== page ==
Saturday, May 26, 2007

my pearls

I recently emailed a friend of mine some very sappy advice about how to be a parent and a relatively sane woman at the same time. Although I went on (and on, and on) in the email, I came up with even more good stuff after I sent it. (my suspicions were correct; I am indeed brilliant.) In particular, I remembered my very favorite poem, one that Pres. Hinckley has quoted on several occasions:

You are the trip I did not take
You are the pearls I cannot buy
You are my blue italian lake
You are my piece of foreign sky.

I had this copied into my journal 3 days before Charlotte was born (Women's conference 2006) and after it, I wrote, "Jack or a trip to Europe? Charlotte or pearls? Come on." Seems like such an obvious and easy choice, doesn't it? More difficult are the more subtle ones I've had to make. Charlotte or a clean bathroom? Jack or a quiet trip to the grocery store? Charlotte or a few hundred bucks a month extra income? Matt helps me see that for all my complaints, I wouldn't give up my kids for the world, let alone a cleaner house or more time to hang out with friends. It just takes remembering that sometimes, I think. We truly have the sort of life that others are envious of; it's not the other way around.

My little pearls. However, it's hard to stay sentimental for long, because as I'm writing this, Jack has gotten himself stuck in Charlotte's walker. I'm torn between going and saving him (because he sounds somewhat frantic) and leaving him there for just a minute in the crazy (and unfounded) hope that he will actually learn not to do it again. While I was typing out my deliberations on the subject, however, he tipped it over himself and busied himself with his bubbles. Back into the trenches.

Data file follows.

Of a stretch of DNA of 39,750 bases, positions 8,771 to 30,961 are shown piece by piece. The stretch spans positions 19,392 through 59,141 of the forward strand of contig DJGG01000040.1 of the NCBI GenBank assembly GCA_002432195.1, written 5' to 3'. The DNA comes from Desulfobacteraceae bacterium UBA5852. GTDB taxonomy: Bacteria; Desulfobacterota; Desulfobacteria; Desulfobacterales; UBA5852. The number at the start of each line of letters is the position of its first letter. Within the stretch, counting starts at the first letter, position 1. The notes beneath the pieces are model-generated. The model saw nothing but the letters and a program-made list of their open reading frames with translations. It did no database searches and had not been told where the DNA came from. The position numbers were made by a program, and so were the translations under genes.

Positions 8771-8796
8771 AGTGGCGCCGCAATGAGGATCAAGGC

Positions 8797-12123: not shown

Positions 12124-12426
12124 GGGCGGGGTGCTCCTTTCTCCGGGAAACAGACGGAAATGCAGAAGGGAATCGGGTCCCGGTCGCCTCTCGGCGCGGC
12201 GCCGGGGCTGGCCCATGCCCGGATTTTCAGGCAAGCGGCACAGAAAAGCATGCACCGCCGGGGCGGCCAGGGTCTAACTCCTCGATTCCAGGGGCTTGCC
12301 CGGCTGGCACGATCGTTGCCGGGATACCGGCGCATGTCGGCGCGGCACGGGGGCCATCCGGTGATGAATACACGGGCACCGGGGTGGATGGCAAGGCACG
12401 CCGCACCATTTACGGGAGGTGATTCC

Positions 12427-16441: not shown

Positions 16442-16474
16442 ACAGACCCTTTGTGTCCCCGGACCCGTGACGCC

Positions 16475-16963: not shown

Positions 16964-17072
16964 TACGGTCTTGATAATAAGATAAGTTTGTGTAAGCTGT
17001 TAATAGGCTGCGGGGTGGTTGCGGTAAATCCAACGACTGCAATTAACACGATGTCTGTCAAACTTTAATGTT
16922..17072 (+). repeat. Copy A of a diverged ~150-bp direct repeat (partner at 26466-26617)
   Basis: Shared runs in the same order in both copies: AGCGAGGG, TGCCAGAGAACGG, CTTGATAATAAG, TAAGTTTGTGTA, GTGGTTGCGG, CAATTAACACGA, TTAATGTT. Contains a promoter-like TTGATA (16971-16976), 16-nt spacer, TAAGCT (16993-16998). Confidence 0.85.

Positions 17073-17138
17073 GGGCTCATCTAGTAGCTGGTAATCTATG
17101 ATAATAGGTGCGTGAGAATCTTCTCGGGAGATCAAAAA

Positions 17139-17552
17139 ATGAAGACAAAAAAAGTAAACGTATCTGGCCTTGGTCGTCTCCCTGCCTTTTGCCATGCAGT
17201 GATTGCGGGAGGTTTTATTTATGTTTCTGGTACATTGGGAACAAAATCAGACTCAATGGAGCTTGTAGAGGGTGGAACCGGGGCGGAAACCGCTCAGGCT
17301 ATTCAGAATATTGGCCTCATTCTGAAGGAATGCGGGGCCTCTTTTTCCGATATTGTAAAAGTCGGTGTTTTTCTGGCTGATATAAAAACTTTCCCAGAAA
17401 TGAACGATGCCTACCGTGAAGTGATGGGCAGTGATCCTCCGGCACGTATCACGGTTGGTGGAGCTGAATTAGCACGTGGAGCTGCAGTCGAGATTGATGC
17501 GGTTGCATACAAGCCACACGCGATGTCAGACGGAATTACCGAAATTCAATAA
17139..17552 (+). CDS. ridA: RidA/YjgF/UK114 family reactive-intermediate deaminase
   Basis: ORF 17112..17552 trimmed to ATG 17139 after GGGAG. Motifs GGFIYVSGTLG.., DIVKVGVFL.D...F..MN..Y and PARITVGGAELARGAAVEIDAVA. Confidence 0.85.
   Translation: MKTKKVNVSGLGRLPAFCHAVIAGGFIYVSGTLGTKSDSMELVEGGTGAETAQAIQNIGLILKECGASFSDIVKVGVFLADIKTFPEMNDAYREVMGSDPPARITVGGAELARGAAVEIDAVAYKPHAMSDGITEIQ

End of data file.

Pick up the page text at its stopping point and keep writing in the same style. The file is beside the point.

Tuesday, May 22, 2007

Ah, the morning nap. I love this time, when Charlotte is napping, because for a couple hours, I kinda feel like the mother of one again. I actually have time to do such luxurious things as...sitting down. Jack is running around in the backyard right now, wearing one shoe and trying to use his stocking foot to step on my young squash plants. I suspect that he received some clandestine encouragement on this front from Matt, who openly despises squash and would be thrilled to see the entire plant uprooted. Of course, as soon as I sat down to write more (after pulling Jack out of the garden and making a half-hearted attempt to find his shoe) Charlotte started crying upstairs.

The thing that regularly amazes me about Charlotte is how fast she is growing up. Jack spent a large portion of his first year posed for scrapbooks while I tracked his progress by comparing him to parenting books and my friend's children. Needless to say, it felt like about eighteen years had passed before he did anything at all. Charlotte, on the other hand, is quiet enough that I forget that she's there, and am only reminded when I have to pull her out from under a chair because...what?! Don't tell me she's crawling already! I feel like her life is one of those short films in which still pictures are placed in rapid succession. Frame by frame she started blinking, then smiling, then rolling over, then scooting around on her elbows. If something isn't done soon, she's going to be going to the prom in a few minutes.

Do these things come with slow motion buttons??